support the verification of the authoring activities and to             tional strategies and course sequencing. This allows high
allow the authoring system to be reusable. We first translate           reusability of general knowledge on instructional design and
the knowledge of fundamental characteristics of an IES (the             strategies. Thus, we have a clear distinction between the
IES behaviour) into a "task ontology" and then conceptual-              content and the computational knowledge, where the learn-
ise it as an authoring task ontology and finally integrate it as        ing goal plays a connecting role in order to bring them to-
knowledge component in the intelligent authoring architec-              gether within the specific context of each IES.
ture.                                                                      For example, in Figure 2, the Collaborative Learning
   The main parts of ATO (described in details previously in            Strategy (CLS) authoring module provides appropriate
[2, 4, 5] are:                                                          group learning strategies for intended users, and require-
      basic ATO concepts                                                ments for the strategies to the author via the Sequence
                                                                        Strategies Authoring (SS) module. To generate explanations
     primitive activities                                               and guidance about the recommended strategies CLS uses
     authoring tasks                                                    Collaborative Learning Ontology which is a system of con-
                                                                        cepts to represent collaborative learning sessions and Col-
   The basic ATO concepts are used in the formulation of                laborative Learning Models inspired by learning theories
the authoring tasks. We build upon the authoring concepts               [14, 24].
introduced by [16] for a scheduling task: (1) generic nouns                Another example is given by the Assessment (A) module
reflecting the roles of the objects in the authoring process,           which provides assistance to the author in assessing the
(2) generic verbs representing authoring activities over the            learner’s (or group of learners) level of understanding and in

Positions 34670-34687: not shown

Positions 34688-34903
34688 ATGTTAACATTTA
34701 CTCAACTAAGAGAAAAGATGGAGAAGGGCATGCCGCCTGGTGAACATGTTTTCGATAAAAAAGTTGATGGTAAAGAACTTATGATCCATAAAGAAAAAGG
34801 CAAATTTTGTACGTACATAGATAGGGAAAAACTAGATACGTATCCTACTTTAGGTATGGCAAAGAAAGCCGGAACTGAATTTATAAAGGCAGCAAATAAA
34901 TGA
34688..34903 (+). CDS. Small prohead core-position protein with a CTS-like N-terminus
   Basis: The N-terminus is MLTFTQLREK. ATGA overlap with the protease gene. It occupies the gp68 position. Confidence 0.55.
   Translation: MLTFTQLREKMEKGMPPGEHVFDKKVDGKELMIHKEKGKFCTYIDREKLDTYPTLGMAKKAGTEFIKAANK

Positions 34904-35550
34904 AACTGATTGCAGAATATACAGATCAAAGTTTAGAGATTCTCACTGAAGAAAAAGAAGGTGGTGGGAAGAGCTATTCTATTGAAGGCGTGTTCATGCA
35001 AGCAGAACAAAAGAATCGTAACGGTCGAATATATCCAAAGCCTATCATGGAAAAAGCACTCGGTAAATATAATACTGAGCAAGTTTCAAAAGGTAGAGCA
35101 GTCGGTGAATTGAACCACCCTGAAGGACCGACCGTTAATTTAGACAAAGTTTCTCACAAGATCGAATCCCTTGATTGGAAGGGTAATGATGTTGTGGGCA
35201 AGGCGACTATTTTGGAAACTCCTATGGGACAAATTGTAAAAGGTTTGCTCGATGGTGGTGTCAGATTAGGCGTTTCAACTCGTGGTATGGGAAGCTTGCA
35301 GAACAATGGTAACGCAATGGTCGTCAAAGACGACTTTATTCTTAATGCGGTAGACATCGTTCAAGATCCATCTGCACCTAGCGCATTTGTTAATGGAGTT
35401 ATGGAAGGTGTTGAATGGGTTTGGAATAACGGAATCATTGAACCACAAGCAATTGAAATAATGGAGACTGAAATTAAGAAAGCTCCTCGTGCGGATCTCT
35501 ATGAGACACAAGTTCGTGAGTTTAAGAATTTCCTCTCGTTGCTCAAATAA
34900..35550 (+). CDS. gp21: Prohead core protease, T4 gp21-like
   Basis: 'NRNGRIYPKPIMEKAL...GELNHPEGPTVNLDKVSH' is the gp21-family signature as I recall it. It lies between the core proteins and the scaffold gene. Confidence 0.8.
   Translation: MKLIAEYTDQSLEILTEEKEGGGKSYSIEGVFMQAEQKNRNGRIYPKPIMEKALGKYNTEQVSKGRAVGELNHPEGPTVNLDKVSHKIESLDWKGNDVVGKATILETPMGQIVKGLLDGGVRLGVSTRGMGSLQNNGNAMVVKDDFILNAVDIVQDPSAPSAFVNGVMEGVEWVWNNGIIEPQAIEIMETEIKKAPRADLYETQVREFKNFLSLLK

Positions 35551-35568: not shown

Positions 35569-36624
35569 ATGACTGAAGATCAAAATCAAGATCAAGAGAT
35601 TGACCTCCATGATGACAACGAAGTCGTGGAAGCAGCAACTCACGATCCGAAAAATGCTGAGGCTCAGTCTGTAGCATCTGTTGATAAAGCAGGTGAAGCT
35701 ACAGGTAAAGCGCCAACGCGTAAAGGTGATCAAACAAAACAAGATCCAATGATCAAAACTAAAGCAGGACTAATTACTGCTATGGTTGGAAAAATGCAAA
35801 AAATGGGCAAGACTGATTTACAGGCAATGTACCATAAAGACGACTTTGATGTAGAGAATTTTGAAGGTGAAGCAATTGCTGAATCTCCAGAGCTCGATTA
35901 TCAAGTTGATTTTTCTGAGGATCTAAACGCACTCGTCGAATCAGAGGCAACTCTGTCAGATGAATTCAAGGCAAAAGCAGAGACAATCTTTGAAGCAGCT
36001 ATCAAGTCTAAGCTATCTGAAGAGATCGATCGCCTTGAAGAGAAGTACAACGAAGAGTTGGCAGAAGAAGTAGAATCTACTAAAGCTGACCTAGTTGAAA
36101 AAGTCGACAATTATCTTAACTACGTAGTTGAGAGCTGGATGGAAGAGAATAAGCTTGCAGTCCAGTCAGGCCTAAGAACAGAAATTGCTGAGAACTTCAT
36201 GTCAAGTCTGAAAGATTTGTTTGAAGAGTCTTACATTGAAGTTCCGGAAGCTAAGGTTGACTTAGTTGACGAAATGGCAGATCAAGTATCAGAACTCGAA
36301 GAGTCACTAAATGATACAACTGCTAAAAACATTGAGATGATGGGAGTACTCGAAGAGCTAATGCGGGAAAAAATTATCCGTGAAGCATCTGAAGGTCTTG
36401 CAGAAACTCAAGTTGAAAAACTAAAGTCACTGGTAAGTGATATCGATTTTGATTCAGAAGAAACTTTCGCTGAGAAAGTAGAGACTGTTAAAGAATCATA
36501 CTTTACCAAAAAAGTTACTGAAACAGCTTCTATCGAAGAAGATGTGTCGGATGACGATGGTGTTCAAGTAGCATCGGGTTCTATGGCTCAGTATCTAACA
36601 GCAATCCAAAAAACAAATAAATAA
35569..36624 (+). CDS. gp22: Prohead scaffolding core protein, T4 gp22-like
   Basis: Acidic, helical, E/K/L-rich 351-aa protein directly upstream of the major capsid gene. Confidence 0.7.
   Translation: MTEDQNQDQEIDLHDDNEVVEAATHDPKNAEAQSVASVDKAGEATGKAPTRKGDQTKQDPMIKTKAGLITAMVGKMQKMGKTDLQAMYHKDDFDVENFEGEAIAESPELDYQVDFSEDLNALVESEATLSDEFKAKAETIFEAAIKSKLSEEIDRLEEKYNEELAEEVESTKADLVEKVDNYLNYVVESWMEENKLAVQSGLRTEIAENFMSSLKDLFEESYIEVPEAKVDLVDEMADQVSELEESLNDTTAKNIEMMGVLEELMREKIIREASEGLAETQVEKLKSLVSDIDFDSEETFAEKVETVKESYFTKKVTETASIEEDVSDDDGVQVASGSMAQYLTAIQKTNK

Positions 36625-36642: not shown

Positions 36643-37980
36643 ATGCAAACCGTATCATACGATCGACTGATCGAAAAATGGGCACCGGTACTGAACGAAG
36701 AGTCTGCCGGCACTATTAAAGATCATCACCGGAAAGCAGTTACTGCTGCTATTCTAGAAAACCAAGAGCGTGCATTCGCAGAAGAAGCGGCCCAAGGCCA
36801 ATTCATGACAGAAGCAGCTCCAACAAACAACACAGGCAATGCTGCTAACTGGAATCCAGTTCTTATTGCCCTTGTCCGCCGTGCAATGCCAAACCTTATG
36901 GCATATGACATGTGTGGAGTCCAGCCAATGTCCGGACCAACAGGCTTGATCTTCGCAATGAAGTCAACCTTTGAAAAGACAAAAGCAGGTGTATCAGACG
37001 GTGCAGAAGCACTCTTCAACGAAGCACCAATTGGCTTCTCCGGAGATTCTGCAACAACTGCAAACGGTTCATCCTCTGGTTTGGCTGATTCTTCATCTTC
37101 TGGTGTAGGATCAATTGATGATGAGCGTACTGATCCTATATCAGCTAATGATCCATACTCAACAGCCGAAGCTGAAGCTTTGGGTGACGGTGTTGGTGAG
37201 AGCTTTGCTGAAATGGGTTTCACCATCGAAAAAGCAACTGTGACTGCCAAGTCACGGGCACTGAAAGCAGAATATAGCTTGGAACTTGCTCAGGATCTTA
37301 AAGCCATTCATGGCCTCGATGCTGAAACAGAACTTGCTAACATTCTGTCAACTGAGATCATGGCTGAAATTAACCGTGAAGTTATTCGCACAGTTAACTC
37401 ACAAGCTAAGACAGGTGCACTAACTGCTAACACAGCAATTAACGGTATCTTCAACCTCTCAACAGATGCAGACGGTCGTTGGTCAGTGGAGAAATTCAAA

objects, (3) generic adjectives representing the modifica-              checking whether a learning goal has been achieved. It uses
tions of the objects and (4) other authoring task specific              a test ontology [23] to estimate the effectiveness of the
concepts. We extend this set and make it IES domain-                    learning process and the preparation/selection of learning
specialized.                                                            objects.
   The primitive activities [2] in ATO are defined as atomic               In EASE we follow explicitly the principles supported
methods over objects (e.g. domain and course concepts,                  also by KBT-MM [18] to separate ‘what to teach’ into
topics, learning objects, user model and user profile attrib-           modular units independent of ‘how to teach’ and to present
utes, cognitive characteristics, learning goal) within a spe-           learning goals separately from the instructional content. The
cific structure in the authoring system, such as domain                 rest of the principles we follow implicitly with our use of
model, user model, user profile, course sequence/structure,             ontology-based models.

                                              Figure 1. EASE Reference Architecture

   The core of the intelligence in the EASE architecture
comes from the communication or interactions between the               6   Conclusion
components. There are two "central" components here, the
Sequencing Strategies Authoring (SS) and the Authoring                 Our aim in this research is to specify a general authoring
Interface (AI). The AI is the access point for the author to           framework for content and knowledge engineering for Intel-
interact with the underlying concepts, models and content.             ligent Educational Systems (IES). The main added value of
The SS interacts with the other components in order to                 this approach is that on the one hand the ontologies in it
achieve the most appropriate learning sequence for the tar-            make the authoring knowledge explicit, which improves the
geted learner (Fig. 3). In this section we illustrate the com-         basis for sharing and reusing. On the other hand, it is con-